Introducing OpenTable Guest Center

Personalized hospitality is now beautifully simple with Guest Center. Guest Center seamlessly merges the leading restaurant reservation network with complete front-of-house management tools. In the video below, Matt Roberts, CEO, Joseph Essas, CTO, and Jon Morin, Product Lead, deliver the thinking, design and demo of the new, cloud-based, hospitality solution by OpenTable.

To experience Guest Center, a solution designed to make tailored hospitality even easier, please email sales@opentable.com.

Roof to Table: 10 Rooftop Restaurant Gardens

Bachelor-Farmer-RooftopHappy Earth Day! In honor of the 44th year of putting the green back into the globe, we present 10 restaurants with their own rooftop gardens. Diners can savor the super-freshly grown flavor just hours after these hyper-local fruits, vegetables, and herbs were harvested by restaurant staffers. While rooftop gardens cannot provide a restaurant with all of its produce (Yet!), the culinary pros at these restaurants find inspiration from and clever uses for everything they are able to sow.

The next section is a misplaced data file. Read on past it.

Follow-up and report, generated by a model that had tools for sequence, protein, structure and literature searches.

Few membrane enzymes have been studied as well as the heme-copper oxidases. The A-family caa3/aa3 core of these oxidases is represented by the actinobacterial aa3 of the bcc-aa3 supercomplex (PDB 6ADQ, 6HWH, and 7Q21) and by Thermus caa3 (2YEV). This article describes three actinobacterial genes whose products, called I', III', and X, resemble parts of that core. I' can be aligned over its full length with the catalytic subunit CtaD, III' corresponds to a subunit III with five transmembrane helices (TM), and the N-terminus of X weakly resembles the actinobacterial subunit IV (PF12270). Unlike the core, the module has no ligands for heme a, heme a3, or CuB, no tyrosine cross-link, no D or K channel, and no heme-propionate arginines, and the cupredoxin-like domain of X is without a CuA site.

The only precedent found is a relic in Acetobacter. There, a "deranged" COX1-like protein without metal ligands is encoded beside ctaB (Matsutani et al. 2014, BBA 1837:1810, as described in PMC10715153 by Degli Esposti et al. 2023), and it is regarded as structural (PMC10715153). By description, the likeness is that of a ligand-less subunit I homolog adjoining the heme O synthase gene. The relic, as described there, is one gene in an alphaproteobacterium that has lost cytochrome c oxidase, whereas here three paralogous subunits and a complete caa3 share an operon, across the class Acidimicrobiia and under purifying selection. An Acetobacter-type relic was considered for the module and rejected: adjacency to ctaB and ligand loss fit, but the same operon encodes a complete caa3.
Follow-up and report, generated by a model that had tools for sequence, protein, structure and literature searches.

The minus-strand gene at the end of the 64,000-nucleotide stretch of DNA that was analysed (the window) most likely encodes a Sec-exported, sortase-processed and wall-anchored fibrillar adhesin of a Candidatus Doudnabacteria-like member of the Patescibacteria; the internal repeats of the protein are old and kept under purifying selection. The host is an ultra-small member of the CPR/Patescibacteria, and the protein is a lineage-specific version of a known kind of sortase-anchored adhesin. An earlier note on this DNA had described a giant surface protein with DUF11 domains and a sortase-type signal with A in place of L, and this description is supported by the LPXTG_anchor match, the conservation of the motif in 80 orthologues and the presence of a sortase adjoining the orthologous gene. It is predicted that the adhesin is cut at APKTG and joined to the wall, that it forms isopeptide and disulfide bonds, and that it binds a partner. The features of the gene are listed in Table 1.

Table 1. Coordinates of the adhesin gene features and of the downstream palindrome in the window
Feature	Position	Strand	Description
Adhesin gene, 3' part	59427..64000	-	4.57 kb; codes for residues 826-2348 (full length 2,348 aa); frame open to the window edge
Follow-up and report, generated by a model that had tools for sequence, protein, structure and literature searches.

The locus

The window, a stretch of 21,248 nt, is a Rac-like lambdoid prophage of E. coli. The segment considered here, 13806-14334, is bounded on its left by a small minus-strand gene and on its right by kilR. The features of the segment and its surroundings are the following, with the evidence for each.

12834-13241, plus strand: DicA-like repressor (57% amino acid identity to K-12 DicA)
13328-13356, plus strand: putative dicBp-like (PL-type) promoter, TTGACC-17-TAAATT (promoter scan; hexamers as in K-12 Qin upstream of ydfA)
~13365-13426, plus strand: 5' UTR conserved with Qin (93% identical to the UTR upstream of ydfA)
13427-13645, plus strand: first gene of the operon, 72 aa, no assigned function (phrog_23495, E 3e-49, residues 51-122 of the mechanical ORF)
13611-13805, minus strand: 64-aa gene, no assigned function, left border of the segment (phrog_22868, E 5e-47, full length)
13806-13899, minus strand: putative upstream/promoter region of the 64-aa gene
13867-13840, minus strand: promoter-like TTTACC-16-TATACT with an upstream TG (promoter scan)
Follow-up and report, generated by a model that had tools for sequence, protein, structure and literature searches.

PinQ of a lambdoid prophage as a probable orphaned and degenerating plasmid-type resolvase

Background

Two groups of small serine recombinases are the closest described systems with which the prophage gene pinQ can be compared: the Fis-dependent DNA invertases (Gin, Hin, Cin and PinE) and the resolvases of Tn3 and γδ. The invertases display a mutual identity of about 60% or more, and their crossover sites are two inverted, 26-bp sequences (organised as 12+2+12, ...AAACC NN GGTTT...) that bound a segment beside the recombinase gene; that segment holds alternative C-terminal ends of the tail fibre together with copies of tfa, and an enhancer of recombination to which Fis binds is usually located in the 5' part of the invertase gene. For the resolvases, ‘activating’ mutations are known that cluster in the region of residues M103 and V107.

1. The Bachelor Farmer, Minneapolis, Minnesota

It’s only fitting that a restaurant with farmer in its name have a microfarm on its roof. Located in a lovingly refurbished warehouse, the Bachelor Farmer team grows herbs and hearty greens on their first-of-its-kind Twin Cities rooftop garden. Relying on containers, they use a series of vessels for the plants they nurture, including blue kiddie pools. Serving Nordic cuisine, The Bachelor Farmer carefully sources additional produce from area farms. Its rooftop farm dates back to the restaurant’s opening in 2011.

2. Bastille Cafe & Bar, Seattle, Washington